You have probably seen the television commercial in which a cell phone technician travels to remote places and asks on his phone, “Can you hear me now?” Imagine this technician traveling to the center of our Milky Way galaxy, wherein lurks a massive black hole, Sagittarius A* (Sgr A*), weighing as much as 4.5 million suns. As the technician approached within 10 million kilometers of the black hole, we would hear his cadence slow down and his voice deepen and fade, eventually turning to a monotone whisper with diminishing reception. If we were to look, we would see his image turn increasingly red and dim as he became frozen in time near the black hole's boundary, known as the event horizon.
The technician himself, however, would experience no slowing of time and would see nothing strange at the location of the event horizon. He would know he had crossed the horizon only when he heard us say, “No, we cannot hear you very well!” He would have no way of sharing his last impressions with us—nothing, not even light, can escape from gravity's extreme pull inside the event horizon. A minute after he crossed the horizon, the gravitational forces deep inside the hole would tear him apart.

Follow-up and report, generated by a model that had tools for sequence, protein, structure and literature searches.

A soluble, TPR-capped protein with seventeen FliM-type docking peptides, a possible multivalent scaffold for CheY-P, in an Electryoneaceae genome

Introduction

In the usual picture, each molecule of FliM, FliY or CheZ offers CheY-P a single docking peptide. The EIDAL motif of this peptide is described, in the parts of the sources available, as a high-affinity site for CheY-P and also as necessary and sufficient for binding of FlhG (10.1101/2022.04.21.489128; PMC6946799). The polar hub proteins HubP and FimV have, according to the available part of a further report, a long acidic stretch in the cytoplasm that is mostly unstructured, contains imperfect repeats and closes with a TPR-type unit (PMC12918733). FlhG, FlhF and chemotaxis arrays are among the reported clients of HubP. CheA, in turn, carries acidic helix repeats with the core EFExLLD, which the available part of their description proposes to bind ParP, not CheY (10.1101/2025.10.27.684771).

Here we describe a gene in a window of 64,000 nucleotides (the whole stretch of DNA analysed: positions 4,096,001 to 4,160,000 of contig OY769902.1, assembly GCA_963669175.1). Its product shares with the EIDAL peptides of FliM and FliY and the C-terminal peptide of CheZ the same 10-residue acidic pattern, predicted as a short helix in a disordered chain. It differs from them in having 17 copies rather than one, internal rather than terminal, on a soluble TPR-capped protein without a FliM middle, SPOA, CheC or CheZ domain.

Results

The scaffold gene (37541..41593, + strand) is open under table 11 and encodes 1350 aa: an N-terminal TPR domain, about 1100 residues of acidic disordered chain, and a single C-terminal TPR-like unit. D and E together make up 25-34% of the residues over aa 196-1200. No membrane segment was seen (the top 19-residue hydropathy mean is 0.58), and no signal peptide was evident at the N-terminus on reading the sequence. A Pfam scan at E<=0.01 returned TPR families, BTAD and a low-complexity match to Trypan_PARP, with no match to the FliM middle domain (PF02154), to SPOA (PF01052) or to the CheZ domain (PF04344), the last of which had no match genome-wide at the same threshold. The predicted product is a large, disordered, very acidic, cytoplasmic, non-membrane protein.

In real life we cannot send a technician on such a journey. But astronomers have developed techniques that will soon allow them, for the first time, to produce images of a black hole's dark silhouette against a backdrop of hot glowing gas.
Wait, you say. Haven't astronomers reported lots of observations of black holes, including all sorts of pictures? That is true, but the pictures have been of gas or other material near a black hole, with the hole itself an invisible speck, or of huge outpourings of energy presumed to come from a black hole. In fact, we do not even know for certain whether black holes really exist [see “Black Stars, Not Holes,” by Carlos Barceló, Stefano Liberati, Sebastiano Sonego and Matt Visser, on page 82].
Astronomers have detected objects in the sky that are sufficiently massive and compact that, if Einstein's general theory of relativity is correct, they must be black holes, and it is customary to talk of them as if they were (as we do in this article). But until now we could not tell if these objects had the defining characteristic of a black hole—a horizon through which material can flow only one way. This question is not merely a matter of esoteric curiosity, because such horizons are at the heart of one of the deepest puzzles in theoretical physics. And images showing the dark silhouettes of black holes' event horizons would help us understand the extraordinary astrophysical processes taking place in their neighborhood.